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KUDHEIHA urges Government to effect ILO convention

By Rading Biko | June 16th 2019
By Rading Biko | June 16th 2019

Domestic workers march past dais at Kisumu at Jomo Kenyatta Sports Ground in Kisumu 2019 Labor Day. [Denish Ochieng/Standard]

The Kenya Union of Domestic, Hotels, Educational, Institutions and Hospital Workers (KUDHEIHA) has urged the Government and Parliament to ratify International Labour Organization (ILO) Convention 189 in order to protect domestic workers.

 “As we mark the International Day of Domestic Workers, we are calling upon the Government to quickly ratify this convention so as to create a better environment for all our domestic workers both locally and those in the Middle East, “said Janet Mwamburi of KUDHEIHA.

The Convention 189, which Kenya voted for at ILO Geneva in 2011, advocates for decent work for domestic workers. But it is yet to be ratified. It seeks to establish a comprehensive legal framework which acknowledges the right of domestic workers to decent living and working conditions.

According to KUDHEIHA, the convention is aimed at securing minimum protection of such workers’ rights — including information on terms and conditions of employment, hours of work, remuneration and occupational safety and health.

Mwamburi added that domestic workers require similar protection to that accorded formal employees, given they also contribute to the economy.

“The domestic work sector makes a considerable contribution to the economy and should not be ignored. The benefits of ratifying Convention 189 include enhanced protection for Kenyan domestic workers globally.”

She said that ratification of the convention will lead represent first steps in the path to addressing the history of side-lining such workers. This, she said, would boost the morale of the workers and shield them from risks posed by their employers.

Mwamburi’s sentiments were shared by Pamela Awiti, a local domestic worker based in Nairobi who said that they had been neglected by the government.

She said: “We work more than 15 hours in a day and without any leave days, yet we are paid peanuts. We do not have a voice at all. Your employer can easily terminate your contract without pay and there is nothing you can do to get your rights.”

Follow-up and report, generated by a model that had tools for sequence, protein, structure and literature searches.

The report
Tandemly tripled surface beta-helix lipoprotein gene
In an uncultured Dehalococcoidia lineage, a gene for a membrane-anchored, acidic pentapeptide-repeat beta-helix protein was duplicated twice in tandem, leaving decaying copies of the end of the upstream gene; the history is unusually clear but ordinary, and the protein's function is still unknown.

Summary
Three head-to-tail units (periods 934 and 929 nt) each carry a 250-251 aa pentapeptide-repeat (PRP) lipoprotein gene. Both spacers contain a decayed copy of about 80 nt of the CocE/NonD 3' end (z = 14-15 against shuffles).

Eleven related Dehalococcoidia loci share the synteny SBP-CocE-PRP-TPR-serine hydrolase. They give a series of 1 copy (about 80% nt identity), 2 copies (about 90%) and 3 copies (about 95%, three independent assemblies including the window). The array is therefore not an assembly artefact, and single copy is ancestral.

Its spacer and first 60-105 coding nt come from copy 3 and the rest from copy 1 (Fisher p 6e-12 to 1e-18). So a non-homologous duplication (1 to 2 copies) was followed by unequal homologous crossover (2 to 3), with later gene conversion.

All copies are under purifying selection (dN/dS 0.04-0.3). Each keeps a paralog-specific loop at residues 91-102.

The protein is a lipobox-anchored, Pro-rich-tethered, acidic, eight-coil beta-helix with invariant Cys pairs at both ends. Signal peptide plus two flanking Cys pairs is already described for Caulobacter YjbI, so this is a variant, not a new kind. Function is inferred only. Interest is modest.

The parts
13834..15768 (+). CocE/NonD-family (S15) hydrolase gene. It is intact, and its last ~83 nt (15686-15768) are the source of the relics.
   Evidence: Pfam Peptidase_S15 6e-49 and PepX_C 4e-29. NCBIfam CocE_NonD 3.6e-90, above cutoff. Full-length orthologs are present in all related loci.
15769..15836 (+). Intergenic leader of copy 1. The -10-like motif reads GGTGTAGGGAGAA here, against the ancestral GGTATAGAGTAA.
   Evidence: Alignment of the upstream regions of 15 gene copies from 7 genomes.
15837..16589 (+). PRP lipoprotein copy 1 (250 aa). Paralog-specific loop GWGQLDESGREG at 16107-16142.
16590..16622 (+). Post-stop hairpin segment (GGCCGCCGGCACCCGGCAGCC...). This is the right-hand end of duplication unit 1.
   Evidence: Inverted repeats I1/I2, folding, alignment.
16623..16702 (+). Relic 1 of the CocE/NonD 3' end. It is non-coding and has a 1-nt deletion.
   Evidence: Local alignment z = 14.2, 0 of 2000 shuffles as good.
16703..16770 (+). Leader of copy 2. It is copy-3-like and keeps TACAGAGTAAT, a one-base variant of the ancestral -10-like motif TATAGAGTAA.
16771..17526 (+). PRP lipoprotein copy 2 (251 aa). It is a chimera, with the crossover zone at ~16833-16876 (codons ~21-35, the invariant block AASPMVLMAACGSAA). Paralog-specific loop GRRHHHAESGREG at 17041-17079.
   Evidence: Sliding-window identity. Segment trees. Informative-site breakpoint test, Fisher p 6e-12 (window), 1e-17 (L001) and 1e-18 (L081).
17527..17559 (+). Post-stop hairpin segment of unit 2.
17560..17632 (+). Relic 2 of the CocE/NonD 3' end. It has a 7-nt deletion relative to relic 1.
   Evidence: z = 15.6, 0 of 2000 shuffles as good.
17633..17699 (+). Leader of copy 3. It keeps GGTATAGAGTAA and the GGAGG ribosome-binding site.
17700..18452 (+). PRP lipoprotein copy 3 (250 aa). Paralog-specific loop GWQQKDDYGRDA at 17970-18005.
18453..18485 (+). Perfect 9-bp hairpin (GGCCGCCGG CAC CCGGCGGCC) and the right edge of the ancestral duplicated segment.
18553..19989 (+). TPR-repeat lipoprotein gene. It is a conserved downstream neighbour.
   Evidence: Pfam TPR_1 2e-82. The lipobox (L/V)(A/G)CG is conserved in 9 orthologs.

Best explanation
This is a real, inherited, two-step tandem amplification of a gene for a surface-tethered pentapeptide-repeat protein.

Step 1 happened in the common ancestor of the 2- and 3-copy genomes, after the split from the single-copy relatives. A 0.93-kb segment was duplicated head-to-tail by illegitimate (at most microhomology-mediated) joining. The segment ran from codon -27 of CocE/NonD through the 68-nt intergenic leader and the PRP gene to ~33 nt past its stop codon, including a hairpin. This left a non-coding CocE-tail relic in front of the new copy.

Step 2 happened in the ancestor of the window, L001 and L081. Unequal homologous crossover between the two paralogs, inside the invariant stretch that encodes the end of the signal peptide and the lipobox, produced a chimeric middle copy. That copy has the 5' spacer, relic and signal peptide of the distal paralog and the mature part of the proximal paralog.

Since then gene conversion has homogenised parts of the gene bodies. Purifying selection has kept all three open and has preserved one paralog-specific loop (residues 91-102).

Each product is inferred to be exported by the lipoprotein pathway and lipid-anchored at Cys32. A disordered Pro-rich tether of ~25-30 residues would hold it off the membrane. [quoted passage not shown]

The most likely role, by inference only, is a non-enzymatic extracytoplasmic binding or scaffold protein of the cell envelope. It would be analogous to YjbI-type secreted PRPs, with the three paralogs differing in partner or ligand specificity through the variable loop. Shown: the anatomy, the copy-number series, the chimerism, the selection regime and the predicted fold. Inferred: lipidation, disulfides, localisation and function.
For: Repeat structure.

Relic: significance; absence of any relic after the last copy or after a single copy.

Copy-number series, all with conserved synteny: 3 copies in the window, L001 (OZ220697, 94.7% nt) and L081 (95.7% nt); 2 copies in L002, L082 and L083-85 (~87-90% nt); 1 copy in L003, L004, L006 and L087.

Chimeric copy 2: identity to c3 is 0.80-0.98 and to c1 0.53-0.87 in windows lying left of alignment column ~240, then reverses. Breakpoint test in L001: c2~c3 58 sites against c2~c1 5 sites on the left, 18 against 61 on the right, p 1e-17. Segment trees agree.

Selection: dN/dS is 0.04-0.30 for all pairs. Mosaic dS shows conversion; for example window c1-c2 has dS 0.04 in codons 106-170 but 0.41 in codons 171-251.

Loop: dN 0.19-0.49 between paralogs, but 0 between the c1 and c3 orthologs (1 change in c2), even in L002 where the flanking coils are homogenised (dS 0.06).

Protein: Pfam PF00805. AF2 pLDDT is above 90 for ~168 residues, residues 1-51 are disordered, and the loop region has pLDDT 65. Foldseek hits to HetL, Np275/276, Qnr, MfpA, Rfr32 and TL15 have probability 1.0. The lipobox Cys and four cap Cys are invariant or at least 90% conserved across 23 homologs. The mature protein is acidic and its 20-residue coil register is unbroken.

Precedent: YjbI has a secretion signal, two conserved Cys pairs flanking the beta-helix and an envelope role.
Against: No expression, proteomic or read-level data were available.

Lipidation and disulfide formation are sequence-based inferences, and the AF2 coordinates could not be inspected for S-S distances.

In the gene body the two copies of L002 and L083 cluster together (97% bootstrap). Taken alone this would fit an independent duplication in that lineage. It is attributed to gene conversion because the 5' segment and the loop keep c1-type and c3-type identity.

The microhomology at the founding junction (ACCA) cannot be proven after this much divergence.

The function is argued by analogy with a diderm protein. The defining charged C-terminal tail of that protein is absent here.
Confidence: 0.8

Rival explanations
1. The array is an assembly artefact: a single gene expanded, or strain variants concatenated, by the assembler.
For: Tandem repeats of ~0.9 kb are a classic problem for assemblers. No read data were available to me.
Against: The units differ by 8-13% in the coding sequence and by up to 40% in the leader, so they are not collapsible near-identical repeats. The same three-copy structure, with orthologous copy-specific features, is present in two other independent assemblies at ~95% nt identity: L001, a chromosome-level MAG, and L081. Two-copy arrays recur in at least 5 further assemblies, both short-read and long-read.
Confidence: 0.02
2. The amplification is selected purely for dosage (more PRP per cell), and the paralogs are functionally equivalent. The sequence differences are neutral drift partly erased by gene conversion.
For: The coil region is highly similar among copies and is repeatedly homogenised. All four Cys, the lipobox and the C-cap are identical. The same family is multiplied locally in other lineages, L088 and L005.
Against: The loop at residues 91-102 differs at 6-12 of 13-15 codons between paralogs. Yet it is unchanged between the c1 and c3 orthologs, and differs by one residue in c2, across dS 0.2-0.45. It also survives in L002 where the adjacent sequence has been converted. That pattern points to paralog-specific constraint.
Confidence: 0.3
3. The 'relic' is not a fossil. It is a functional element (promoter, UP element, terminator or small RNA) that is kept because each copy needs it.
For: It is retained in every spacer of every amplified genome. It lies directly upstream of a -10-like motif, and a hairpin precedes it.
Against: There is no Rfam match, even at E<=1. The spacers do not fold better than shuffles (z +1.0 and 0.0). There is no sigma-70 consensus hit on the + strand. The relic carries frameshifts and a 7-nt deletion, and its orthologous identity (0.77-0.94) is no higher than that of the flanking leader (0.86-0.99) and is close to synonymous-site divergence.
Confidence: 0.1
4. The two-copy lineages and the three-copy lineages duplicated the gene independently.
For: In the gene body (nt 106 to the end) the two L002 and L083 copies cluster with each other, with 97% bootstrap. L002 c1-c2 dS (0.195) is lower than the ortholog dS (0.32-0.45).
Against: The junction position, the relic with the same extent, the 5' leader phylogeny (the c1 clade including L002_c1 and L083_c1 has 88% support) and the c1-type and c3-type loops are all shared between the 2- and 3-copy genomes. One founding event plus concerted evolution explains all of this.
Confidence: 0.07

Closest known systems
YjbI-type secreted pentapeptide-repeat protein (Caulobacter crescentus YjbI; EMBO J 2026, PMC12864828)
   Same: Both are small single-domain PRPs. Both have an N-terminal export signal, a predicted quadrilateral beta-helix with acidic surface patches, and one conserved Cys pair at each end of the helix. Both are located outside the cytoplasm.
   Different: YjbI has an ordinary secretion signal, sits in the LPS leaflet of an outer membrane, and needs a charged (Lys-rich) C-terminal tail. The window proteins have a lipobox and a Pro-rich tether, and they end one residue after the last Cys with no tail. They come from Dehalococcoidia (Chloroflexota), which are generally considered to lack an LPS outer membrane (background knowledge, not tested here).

Awiti narrated her ordeal in the hands of her former employer.

“I would wake up as early as 4:00 A.M and go to bed at midnight, and this was the routine for seven days a week for a salary of Sh 5,000 a month. I was treated like an animal in my own country, I had to lie that I have lost a relative so that I can get some off days and despite all my good work, she decided to throw out of their house in the middle of the night without pay.”

She is among the domestic workers who are subjected to silent suffering.

ILO reveals that more than half of domestic workers are women, signifying its potential in bridging the gender gap in employment.

Despite their significance, domestic workers are positioned in a sector with low implementation capacity, lack of interest in the long-term sustainability of programmes and little coordination across government agencies and partners.

Besides not being legally recognised as an occupation, it suffers discriminatory social and legal practices as well as other socio-cultural elements, which brings a low social value for it.

Kenya currently has 2 million domestic workers as per ILO report of 2011. Over 200,000 of this number are under-age children who are recruited by relatives to work for them.

“It’s very sad to see how relatives would recruit children especially from rural areas and pretend that they are going to help them but they end up mistreating them. Some have been turned into sex pets by those who are supposed to care for them,” said Colonel Oundah, the Deputy Secretary General of KUDHEIHA.

Last year Kenyan government proposed a minimum wage of Sh13,000 for workers but little has been done owing to lack of implementation strategy.

Awiti explained the hidden details barring the implementation of government directive.

 “Most of us are paid between Sh4,000-7,000, this is way below what the government proposed. We cannot even negotiate for our salary with our employers since we don’t have a written agreement.”

“We get employed through verbal agreement and whether you feel oppressed or not you don’t have a say at all. Most of us are also afraid to talk about salary with our employers since you can be dismissed anytime without pay,” she said.

Globally, the Convention 189 has been ratified by 25 countries with 30 more having adopted reforms to extend protection to the workers and several others concluding collective bargaining agreements covering them.

In Africa, they are Madagascar South Africa, Guinea and Mauritius.

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